I just got home from the 10 day trip you encouraged me to take. I am grateful to have a mother like you, someone who continually pushes me out of my comfort zone. As a child, you would always make me order food on the phone and go inside the restaurant to pay even though I was scared to go by myself. Now, that’s all paid off because — while I’m still scared to go by myself — I know this isn’t the first time and it won’t be the last!
On my trip, I learned many things you couldn’t teach me — like what poverty looks like or how it feels to be the only woman not wearing a hijab. I think this was your purpose all along because there’s no way any one person can just “tell” you about these things — you have to see them to believe.
And I believe there’s a great value in traveling the world and experiencing how other people live. I plan to teach my children the same lesson and equip them with the same skills you gave me — that is — strength, respect, curiosity, and empathy.
Kuala Lumpur, Malaysia
What operates in the background of Singapore can be seen in the forefront of Malaysia. Kuala Lumpur is a futuristic city that clings to its local roots. Because of this, you can visit premier shopping districts in one part of the city and haggle for street food in another!
Siem Reap, Cambodia
I hadn’t planned on going to Cambodia until a friend told me about something called “Angkor Wat,” some temple that’s located there. I did a quick Google search and thought “Eh, sure, whatever, this seems cool enough and at least the weather will be warm.”
First of all, I don’t understand why Angkor Wat is not listed as one of the wonders of the world because it’s the most amazing thing I’ve ever seen in my entire life. The entire city of Siem Reap is dotted with ancient temples built by 11 different kings during the Khmer Empire (802 – 1431 AD). They range from Hindu style to Buddhist style and sometimes both. Not only are these temples ginormous, but they are decorated from head to toe with stone carvings and sanskrit writing that describe ancient Khmer life and religious stories. It’s amazing they let anyone go near these things, let alone walk all over them! I consider myself lucky to have seen them in my lifetime because I suspect they won’t last forever.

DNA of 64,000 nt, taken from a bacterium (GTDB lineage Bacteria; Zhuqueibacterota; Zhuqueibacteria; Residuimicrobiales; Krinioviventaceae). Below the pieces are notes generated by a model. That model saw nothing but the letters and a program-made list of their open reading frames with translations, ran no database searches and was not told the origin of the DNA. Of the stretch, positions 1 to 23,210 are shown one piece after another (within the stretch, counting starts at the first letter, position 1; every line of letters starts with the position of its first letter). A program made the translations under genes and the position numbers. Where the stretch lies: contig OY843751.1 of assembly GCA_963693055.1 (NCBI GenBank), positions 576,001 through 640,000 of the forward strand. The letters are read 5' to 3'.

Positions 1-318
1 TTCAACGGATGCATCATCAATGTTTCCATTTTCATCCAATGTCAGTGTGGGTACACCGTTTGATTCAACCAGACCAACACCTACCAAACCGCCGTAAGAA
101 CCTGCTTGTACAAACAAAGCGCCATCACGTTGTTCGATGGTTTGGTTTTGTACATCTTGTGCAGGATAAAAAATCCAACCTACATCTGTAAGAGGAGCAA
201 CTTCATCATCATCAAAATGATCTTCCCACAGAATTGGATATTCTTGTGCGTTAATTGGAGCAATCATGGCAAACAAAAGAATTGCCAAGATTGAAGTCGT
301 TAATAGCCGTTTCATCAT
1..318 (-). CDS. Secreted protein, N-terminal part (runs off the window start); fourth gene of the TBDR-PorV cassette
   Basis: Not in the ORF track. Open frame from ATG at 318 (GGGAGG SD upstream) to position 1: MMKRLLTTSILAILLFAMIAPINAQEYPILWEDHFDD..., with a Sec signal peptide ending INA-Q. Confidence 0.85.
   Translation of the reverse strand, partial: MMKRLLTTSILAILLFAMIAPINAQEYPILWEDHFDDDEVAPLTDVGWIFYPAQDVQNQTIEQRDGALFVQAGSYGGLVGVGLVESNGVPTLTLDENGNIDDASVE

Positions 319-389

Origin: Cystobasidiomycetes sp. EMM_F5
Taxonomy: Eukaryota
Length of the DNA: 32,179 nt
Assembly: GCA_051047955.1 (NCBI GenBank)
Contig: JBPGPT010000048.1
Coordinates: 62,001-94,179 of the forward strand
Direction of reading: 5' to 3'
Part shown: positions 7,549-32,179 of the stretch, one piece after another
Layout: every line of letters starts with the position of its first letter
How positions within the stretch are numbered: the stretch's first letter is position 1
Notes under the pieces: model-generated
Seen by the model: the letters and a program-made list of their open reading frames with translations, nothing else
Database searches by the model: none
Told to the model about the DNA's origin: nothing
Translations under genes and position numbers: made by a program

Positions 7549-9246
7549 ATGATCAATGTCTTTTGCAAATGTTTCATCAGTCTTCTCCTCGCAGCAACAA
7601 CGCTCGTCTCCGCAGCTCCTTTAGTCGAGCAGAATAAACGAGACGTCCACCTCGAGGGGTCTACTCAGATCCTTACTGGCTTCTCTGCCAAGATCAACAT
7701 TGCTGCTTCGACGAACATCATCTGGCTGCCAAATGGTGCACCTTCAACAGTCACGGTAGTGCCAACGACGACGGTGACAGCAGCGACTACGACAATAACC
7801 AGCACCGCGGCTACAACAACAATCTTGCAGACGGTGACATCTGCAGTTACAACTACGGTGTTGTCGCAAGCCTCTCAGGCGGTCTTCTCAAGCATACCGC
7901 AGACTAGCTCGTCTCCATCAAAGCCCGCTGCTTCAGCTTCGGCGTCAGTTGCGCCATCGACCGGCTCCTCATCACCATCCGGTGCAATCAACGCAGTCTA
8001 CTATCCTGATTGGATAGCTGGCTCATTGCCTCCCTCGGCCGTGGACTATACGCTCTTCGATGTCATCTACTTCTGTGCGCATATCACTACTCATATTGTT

Besides the delight of getting to play archeologist for a day, I also had the privilege of being a homestay guest with Maden and his family who live on a farm outside of the city. They welcomed me with lots of love, home-cooked meals, and a reality I’ve never been faced with. Their farm brought me peace and quiet and his family showed me warmth and kindness. I wish to see them again one day and see how everyone is growing up.
Lastly, I visited Vietnam to learn more about my best friend Lucille’s culture. What essentially was a two day food tour also enlightened me to the fact that some people are very proud to be communist. Growing up American, I was taught that communists are evil, yet, here they were and they didn’t seem so evil to me. Sung taught me all about what their “grandfather,” Ho Chi Minh, did for their country, and Van took me on a street food experience that cannot be compared!
This concludes my tour. When I got home, I slept for 15 hours straight! Phew! Tomorrow, a new cohort of Xinjiang teachers will arrive, and Spencer comes to visit me in less than two weeks!
I hope you have a great day today and look out for presents in the mail! ❤
I love you!
Fun fact: Angkor means “city” and Wat means “temple,” therefore, Angkor Wat means “City of Temples.” It was once the largest pre-industrial city in the world.